You will no longer have access to your Project Wedding account on or after March 30, 2017. Save any photos or information you'd like to keep and join WeddingWire for your all of your wedding planning needs today. Learn more »

How to Have a Less-Stress Wedding


By Nadine Bells


Your wedding day should be one of the happiest days of your life. Unfortunately, the planning of the day (and sometimes even the actual event) is closely associated with the infamous “bridezilla.” Stress and weddings are so often connected that a stress-free wedding sounds like an oxymoron − with the exception of an elopement, that is. And while you won’t be able to avoid all the stress and chaos that come with planning your beautiful affair, there are certainly ways to lessen the load and make the planning, organizing and big day itself memorable and cherish-worthy experiences.

Know Your Vision

Before you start planning your day, scurrying about to vendors and listening to the endless streams of advice from family and friends, sit down and figure out what you want. The clearer your vision for your day, the less overwhelming decision-making will be later on. If you want a winter wedding in a rustic cabin, you’ve just eliminated summery details and nightclub venues. Get your vision on paper (or on file) and be specific. You want to be able to articulate your vision to everyone involved.


Money is one of the major sources of nuptial stress. Early on, sit down and figure out a budget. Do a little research first so you won’t be overwhelmed or shocked by vendor estimates. Being realistic is important if you want to survive your wedding experience without disappointment. Make sure that you and your fiancé are in constant communication about the budget, as neither of you wants secret credit card debt to show up after the honeymoon. Resist the bridal industry’s pressure to spend a fortune on your dream day. And if parents are contributing to the wedding, try to remain in open communication with them about finances. Don’t assume that both you and your mother think that all wedding gowns cost the same. And keep careful records, receipts and contracts. This way you’ll always know the details of your financial situation and have easy access to paperwork in case of cancellations or rescheduling. Being organized may take a little extra effort, but it beats rummaging through scraps of paper at the last minute. An important note about the budget: stick to it. Another important note: prepare to go over.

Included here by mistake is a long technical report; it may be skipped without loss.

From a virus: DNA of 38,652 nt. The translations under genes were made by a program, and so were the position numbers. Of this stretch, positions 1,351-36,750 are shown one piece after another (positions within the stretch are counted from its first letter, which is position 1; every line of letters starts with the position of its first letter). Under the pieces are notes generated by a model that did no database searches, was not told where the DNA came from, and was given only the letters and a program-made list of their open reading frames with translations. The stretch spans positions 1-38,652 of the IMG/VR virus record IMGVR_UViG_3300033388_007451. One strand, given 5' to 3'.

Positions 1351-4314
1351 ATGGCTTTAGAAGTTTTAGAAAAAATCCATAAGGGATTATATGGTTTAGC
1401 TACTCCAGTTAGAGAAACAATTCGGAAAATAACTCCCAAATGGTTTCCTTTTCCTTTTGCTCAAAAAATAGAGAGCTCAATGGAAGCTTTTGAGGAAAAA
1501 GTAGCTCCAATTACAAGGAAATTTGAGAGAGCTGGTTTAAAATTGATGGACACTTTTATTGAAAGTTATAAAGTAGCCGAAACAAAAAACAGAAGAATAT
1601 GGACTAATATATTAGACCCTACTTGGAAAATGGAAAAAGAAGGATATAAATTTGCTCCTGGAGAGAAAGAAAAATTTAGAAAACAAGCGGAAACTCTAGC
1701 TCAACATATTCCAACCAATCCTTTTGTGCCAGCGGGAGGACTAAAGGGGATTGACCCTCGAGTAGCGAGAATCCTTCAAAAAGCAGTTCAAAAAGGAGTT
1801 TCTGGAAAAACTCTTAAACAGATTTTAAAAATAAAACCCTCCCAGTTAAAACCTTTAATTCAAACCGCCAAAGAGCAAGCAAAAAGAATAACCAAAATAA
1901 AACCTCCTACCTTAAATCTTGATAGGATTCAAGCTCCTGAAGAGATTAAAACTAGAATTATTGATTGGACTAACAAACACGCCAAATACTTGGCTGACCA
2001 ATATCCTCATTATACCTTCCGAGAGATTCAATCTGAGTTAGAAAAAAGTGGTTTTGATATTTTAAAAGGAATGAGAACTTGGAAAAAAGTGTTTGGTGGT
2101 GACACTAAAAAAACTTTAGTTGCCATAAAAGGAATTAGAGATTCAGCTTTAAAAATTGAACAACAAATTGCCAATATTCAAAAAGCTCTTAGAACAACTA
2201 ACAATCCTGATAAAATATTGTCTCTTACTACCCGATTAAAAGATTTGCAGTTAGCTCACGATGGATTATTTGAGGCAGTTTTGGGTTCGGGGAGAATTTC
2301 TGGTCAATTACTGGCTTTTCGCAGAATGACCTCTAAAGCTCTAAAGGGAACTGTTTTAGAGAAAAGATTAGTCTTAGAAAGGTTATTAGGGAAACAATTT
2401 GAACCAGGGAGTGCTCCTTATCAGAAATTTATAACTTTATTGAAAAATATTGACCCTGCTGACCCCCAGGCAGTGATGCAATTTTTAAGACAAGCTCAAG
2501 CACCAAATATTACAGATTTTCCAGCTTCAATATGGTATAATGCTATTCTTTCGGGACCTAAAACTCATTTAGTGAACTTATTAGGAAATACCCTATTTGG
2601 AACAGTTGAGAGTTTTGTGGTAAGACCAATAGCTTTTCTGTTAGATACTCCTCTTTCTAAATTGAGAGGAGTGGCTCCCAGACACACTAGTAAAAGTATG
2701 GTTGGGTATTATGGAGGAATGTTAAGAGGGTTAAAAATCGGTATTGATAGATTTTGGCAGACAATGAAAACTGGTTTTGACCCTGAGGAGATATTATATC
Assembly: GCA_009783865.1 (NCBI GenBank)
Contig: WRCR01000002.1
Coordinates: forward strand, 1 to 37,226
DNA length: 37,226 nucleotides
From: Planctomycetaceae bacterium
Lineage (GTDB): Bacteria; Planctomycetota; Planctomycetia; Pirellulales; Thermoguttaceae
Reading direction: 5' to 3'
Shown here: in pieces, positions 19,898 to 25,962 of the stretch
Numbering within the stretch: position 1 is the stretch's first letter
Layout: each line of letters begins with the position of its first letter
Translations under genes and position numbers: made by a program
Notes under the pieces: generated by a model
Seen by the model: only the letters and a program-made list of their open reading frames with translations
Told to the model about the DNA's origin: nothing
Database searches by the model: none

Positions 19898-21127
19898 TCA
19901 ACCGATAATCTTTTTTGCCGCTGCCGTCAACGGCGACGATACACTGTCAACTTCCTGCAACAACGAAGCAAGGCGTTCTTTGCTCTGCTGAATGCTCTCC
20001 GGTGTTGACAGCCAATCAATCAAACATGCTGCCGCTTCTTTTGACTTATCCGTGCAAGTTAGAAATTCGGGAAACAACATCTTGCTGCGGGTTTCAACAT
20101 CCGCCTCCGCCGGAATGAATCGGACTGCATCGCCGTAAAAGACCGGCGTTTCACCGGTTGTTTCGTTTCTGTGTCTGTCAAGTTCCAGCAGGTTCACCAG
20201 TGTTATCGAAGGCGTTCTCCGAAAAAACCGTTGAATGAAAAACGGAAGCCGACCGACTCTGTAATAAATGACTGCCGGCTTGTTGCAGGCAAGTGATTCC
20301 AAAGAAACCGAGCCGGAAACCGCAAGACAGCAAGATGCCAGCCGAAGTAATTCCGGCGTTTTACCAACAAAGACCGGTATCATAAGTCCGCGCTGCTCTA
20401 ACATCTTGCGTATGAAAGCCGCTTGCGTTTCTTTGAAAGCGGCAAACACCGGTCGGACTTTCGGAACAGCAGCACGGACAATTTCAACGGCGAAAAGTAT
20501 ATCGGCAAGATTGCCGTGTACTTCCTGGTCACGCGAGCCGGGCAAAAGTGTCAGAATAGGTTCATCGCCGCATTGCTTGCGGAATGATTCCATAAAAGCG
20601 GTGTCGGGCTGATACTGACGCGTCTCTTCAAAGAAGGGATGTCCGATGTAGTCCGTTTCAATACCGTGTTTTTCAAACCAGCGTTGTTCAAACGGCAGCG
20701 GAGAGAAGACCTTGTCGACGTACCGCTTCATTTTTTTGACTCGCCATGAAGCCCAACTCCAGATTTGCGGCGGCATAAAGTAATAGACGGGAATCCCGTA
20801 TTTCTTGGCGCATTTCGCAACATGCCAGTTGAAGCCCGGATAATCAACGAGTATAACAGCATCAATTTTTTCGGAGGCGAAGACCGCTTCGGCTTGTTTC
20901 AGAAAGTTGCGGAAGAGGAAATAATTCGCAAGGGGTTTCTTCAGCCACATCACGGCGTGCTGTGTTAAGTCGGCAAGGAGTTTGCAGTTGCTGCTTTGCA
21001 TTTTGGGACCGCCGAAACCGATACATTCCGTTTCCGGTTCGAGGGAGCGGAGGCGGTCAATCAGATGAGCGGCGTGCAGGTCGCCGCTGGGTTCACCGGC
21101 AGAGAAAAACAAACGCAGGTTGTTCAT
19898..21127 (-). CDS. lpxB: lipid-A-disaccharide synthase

Plan ahead. Last-minute planning can be an exercise in frustration, as vendors often require booking months ahead, dresses need to be ordered and altered, and some churches require premarital counseling before you can use their facilities. Don’t try to keep track of everything in your head; use a notebook, box, folder or binder to organize thoughts on your vision, checklists, appointments and bookings, contact information, and fabric swatches. If you determine to be organized from the very beginning, it will be easier to remain so throughout the planning process. Software is now part of the wedding scene, so there are numerous wedding-planning options available.

Recruit, Share and Delegate